So folks, we need to have a chat about this whole “workforce housing” thing. It’s a problem.
Or rather, the way it is often being used these days is a problem, which is as shorthand for housing for people who aren’t really low-income, but are still having trouble affording housing in a hot market. Moderate or middle income, depending where you are. At the time this article was written, ULI defined it as housing for people making 60 to 120 percent of area median income (it no longer does, link above is an archived version), but I have heard it most often coming up with respect to projects in the upper end of that range (or that range in an area with a very high AMI).
It is meant to be for teachers, cops, nurses. It is being specifically contrasted to “standard” affordable housing.
For example, see this definition from a Business Miami article:
Workforce housing policies focus on providing attractive and affordable homes for middle-income service workers, such as police officers, teachers and nurses, in close proximity to their jobs. It is primarily a concern in regions like South Florida with high housing costs. HUD does not distinguish between affordable and workforce housing. But many housing authorities define workforce housing as homes aimed at households earning from 60 percent to 120 percent of the area’s median income (AMI). In contrast, the term affordable housing is generally used for households whose income is less than 60 percent of AMI.
I hope the problem with this is obvious:
The low-wage workforce is still the workforce!!
The vast majority of people making less than 60 percent of AMI (and even a significant portion of those much poorer) are working, and they are working at essential jobs that make our economies function, from home health aide, to school bus driver, to day care worker, to farmworker to cashier.
Not only are these frequently not living wage jobs, they are often jobs with less opportunity for advancement to living wages (and thus those who have them are likely to need housing assistance for longer than people who are likely to get raises and promotions in a few years). These jobs also tend to have inconsistent hours, crappy benefits, and poor working conditions.
But they are unmistakably and unarguably work. Not wanting to accord those jobs dignity and respect as a society is part of what allows them to continue to offer such horrible conditions.
To imply that somehow anyone who is low income is not in the workforce is horribly insulting—and insulting to the very population that has always been community development’s core constituency.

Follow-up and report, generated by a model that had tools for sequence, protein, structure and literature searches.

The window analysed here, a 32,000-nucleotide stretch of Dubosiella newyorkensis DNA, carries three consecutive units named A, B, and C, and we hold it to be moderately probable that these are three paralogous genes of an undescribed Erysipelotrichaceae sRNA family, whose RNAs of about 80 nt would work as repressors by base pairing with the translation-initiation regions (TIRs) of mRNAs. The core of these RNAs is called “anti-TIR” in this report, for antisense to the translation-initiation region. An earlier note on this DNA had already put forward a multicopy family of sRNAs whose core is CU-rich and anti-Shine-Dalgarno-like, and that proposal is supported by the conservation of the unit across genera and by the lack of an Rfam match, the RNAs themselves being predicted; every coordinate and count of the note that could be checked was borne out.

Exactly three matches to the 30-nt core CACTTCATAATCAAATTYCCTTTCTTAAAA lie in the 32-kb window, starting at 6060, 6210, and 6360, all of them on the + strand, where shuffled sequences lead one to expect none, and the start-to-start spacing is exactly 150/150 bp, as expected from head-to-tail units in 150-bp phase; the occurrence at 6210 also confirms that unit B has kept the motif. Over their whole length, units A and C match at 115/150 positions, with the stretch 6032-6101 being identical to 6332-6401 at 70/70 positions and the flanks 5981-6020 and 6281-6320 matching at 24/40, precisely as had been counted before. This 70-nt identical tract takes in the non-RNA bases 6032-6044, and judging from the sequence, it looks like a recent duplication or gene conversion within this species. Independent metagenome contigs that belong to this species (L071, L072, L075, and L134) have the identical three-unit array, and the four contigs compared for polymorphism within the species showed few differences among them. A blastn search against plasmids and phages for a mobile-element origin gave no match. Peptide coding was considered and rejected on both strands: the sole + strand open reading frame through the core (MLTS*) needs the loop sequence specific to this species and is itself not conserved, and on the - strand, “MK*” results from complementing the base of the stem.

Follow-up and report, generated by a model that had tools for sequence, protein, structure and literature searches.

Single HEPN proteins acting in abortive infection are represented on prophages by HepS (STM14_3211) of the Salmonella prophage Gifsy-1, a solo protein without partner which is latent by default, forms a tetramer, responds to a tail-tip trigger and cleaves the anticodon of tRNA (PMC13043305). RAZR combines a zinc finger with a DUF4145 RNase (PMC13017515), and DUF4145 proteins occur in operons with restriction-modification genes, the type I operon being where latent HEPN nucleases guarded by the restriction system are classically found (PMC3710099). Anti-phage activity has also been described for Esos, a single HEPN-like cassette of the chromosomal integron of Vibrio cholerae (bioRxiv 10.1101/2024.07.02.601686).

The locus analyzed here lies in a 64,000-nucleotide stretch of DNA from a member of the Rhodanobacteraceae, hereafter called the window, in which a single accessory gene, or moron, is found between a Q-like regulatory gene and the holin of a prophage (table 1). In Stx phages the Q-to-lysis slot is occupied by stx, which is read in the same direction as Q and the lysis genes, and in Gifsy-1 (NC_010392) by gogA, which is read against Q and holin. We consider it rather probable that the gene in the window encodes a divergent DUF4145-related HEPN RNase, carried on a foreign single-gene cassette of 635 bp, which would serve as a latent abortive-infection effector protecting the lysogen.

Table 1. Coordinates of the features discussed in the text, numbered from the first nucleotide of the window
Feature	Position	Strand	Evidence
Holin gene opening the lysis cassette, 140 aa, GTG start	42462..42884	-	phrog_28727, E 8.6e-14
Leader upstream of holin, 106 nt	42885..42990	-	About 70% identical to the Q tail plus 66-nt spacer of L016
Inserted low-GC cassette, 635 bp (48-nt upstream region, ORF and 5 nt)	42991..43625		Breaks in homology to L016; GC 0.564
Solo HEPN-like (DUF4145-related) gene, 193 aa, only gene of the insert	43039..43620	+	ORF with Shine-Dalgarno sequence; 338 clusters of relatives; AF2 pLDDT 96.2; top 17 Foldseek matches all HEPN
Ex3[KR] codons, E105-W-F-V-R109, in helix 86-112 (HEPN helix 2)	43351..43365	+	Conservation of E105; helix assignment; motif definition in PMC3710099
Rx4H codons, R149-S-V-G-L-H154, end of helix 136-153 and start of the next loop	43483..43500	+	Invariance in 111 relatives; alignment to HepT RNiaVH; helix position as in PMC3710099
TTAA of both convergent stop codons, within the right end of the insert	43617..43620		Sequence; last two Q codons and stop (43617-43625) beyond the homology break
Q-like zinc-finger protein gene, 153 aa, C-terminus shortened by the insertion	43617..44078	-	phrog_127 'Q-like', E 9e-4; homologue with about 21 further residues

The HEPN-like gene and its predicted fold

Now, I’m not saying we shouldn’t try to address the issue that folks at a moderate- to middle-income range and/or in these important and politically appealing professions are struggling with housing affordability and a jobs-housing mismatch. Though it is a challenge in terms of limited resource allocation, it’s a reasonable concern not to want a popular community to only house the very wealthy and maybe some lower income folks in more deeply subsidized housing, but to want it to have a full economic mix, and not force a segment of its employees into far-flung commutes.
I also get it, kind of, as to why the term is tempting. After years of fighting the stereotypes neighbors have of affordable housing—that it’s going to bring down property values and be full of people who bring crime for example (all of which have been repeated disproven)—it’s easy to see why a term that tries by its very name to circumvent those reactions for once and push positive buttons in the brains of those who need convincing is appealing.
Often these developments are explicitly marketed to, or even limited to, particular professions, like teachers or emergency personnel, so there is a bit of an association with specific professions that suggests the idea.
But that’s an awfully hollow victory if what we are doing by it is REINFORCING those stereotypes by comparison for the rest of the affordable housing world, who are, it needs to be said, trying to house people with much greater needs and fewer options.
If “workforce housing” means the limited slice of affordable housing it is currently used it to mean, does it not imply that other affordable housing is non-workforce housing? Can’t you picture the politicians and neighborhood association leaders you’ve nominally won over going on to say, “Well, I’m ok with some workforce housing, but not that other stuff. We don’t need layabouts in our town.”
How could anyone in good conscience do that to the rest of our colleagues?
We have enough trouble with the stigma on the term “affordable housing,” which of course replaced “low-income housing” to try to avoid the negative images that term had started to carry. But those terms are loaded because of the associations put on them by opponents, not because of any inherent problem with the terms.
Workforce housing, as it’s currently being used, has an inherent problem.
It could be redeemed if we just decided as a field that actually, it just is the new replacement for “affordable housing,” and it refers to ALL housing that is built to be affordable to someone who can’t afford market rate housing. That could have a bit of a ring to it, even.
Or if we took it back to the original intent of the term, which meant housing near particular job centers affordable to the people who have those jobs, whatever they are. (Caveat there, of course, is that wherever there are concentrations of moderate- and middle-income jobs there are also concentrations of low-wage and poverty-wage jobs supporting them, so true workforce housing for that area would need to be for a range of incomes.)
But neither of those is how I hear it used these days. And if “workforce housing” can’t be brought around to one of those meanings, it needs to be retired.
Update: The article was updated April 10, 2023, to reflect a change in how ULI defines the term workforce housing.